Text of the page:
Falcons vs. Chargers: Sketching out a Game Plan for San Diego

Christopher HansenNFL AnalystSeptember 21, 2012

SAN DIEGO, CA - DECEMBER 18:   Running back Ryan Mathews #24 of the San Diego Chargers runs through tackles for a touchdown against the Baltimore Ravens during their NFL Game on December 18, 2011 at Qualcomm Stadium in San Diego, California. (Photo by Donald Miralle/Getty Images)
Donald Miralle/Getty Images

The San Diego Chargers are 2-0, but are presented with their toughest challenge of this young season on Sunday. The Atlanta Falcons come to San Diego looking for their third straight win against opponents in the AFC West.

The Falcons traded blows with the Kansas City Chiefs before pulling away in the second half, and they jumped on the Denver Broncos early thanks to four turnovers. There is very little doubt that the Falcons are contenders.

If the Chargers want to prove to the rest of the NFL that they are contenders and not pretenders, they need to find a way to beat the Falcons, but it will not be easy. The Chargers will have their hands full with Atlanta’s high-powered passing attack and opportunistic defense.


On Offense

As Philip Rivers goes, so does the Chargers' offense. In Week 1, the Chargers settled for five field goals, but thanks to a sloppy Oakland Raiders team and good defense, there was little reason for the Chargers to take chances. The running game stalled and the need for Ryan Mathews to return to action was clear, although not yet detrimental. 

In Week 2, the Chargers were also missing tight end Antonio Gates, but all the injuries didn’t seem matter against the poor Tennessee Titans. The Chargers exploded for 38 points and got the ball into the end zone with regularity.

Two good performances aside, the Chargers haven’t faced a defense like the one in Atlanta. Atlanta’s defense has forced seven turnovers and leads the league in turnover margin. This is a defense that will force the issue and they also have six sacks on season.

Atlanta’s defense is now coordinated by the well-respected Mike Nolan, and although not everyone agrees on how much his defense fooled Peyton Manning in Week 2, it doesn’t change the fact that it was effective.

It’s a good thing Ryan Mathews is likely to play on Sunday, because the Falcons' main vulnerability is in the running game. Both defensive tackles, Jonathan Babineaux and Peria Jerry, haven’t been very good against the run and they surrendered 113 yards on 22 carries to Willis McGahee in Week 2.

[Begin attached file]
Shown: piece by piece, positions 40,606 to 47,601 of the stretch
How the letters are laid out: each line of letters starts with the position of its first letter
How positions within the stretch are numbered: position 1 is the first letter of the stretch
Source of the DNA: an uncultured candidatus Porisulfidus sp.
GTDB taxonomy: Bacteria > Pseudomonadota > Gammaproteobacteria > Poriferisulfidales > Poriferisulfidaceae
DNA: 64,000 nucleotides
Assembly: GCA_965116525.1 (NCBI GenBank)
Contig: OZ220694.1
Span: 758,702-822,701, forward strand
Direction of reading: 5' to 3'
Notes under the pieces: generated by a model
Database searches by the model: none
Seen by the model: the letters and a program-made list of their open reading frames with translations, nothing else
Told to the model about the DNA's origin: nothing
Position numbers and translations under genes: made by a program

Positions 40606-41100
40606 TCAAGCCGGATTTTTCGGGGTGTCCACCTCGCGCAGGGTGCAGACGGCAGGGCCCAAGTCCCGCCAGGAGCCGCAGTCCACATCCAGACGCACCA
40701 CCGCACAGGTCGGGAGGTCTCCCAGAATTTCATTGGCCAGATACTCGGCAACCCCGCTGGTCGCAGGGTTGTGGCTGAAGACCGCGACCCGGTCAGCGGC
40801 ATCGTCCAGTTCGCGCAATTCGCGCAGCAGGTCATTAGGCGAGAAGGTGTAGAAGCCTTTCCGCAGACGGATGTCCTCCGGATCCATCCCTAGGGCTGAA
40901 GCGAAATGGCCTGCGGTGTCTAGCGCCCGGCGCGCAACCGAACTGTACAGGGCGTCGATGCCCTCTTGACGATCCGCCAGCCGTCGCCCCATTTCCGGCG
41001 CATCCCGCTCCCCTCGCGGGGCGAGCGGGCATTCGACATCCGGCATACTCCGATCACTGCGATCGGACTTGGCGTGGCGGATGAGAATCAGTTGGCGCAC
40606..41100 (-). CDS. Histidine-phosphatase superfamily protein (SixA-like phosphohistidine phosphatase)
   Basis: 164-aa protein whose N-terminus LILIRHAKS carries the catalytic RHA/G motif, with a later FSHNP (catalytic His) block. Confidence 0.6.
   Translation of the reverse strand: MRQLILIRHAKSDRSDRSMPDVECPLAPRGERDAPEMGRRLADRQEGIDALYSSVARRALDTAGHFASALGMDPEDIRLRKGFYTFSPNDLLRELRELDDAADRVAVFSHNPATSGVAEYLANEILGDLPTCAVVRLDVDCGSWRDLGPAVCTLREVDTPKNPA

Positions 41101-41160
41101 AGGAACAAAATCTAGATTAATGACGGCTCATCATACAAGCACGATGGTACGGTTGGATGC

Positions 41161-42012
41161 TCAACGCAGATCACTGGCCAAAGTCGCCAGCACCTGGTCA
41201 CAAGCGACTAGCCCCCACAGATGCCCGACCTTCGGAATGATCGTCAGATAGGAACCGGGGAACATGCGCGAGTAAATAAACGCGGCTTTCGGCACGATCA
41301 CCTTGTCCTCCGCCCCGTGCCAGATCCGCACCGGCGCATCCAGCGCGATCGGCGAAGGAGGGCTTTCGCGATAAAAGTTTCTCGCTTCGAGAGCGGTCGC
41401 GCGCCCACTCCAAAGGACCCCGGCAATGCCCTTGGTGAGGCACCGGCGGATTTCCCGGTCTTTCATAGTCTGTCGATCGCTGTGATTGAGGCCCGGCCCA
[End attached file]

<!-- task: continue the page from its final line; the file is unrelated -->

Of course, the Chargers may not want to subject Ryan Mathews to the punishing hits of the interior defensive line in his first week back, so don’t be surprised if you see a heavier dose of Jackie Battle when the situation calls for a run between the tackles.

The Falcons limited tight ends Jacob Tamme and Joel Dreessen to a combined four catches for 29 yards last week and might make things difficult for Antonio Gates. The Falcons did allow a long touchdown to Kevin Boss in Week 1, so there’s hope that the Chargers can get their best weapon in the passing game rolling, but they will need to be prepared to use their other receivers.

The Chargers should really try to get Robert Meachem and Eddie Royal going, as they have been an afterthought on offense so far this season. Meachem is supposed to be San Diego’s big-play receiver, and the Falcons allowed several big plays in Week 1 to Dexter McCluster, Dwayne Bowe and Steve Breaston.

The Chargers will likely need to make big plays to keep pace with Atlanta’s offense.


On Defense

The Falcons are a passing team and the Chargers haven’t faced one like them this season. The closest thing the Chargers saw was against the Raiders, but they were playing without Denarius Moore.

Carson Palmer had to dink and dunk against the Chargers because they kept both Atari Bigby and Eric Weddle deep in the secondary. A similar strategy could work against the Falcons, although Roddy White and Julio Jones can also find space in the short and intermediate zones.

Antoine Cason and Quentin Jammer are both having rebound years thanks in large part to a vastly improved pass rush. Rookies Melvin Ingram and Kendall Reyes continue to help pressure the quarterback, and Shaun Phillips, Cam Thomas and Donald Butler seem to be thriving with some of the attention on them shifted to the rookies.  

Falcons’ right tackle Tyson Clabo didn’t fare well against Von Miller last week, and the Chargers might be able to attack his side and force Matt Ryan to get rid of the ball quickly. Still, Matt Ryan has reached a level where defenses can only hope to limit his production.

The biggest challenge for the Chargers will be keeping the Falcons out of the end zone while trying to force turnovers and not worry too much about yardage. To do that, the Chargers need to make sound tackles in the secondary and keep Atlanta’s receivers in front of them.

Tony Gonzalez will be the first elite tight end the Chargers will face this season and covering him will be another challenge. With Jones and White limited against Denver early, Ryan found Gonzalez with good frequency.

It’s hard for linebackers to cover a tight end like Gonzalez and San Diego’s linebackers have had some issues in that area. The Chargers will have to put a lot of pressure on the safeties, both to help Jammer and Cason and to cover Gonzalez. Thankfully, the Chargers have plenty of tight ends that certainly mimicked Gonzalez in practice this week.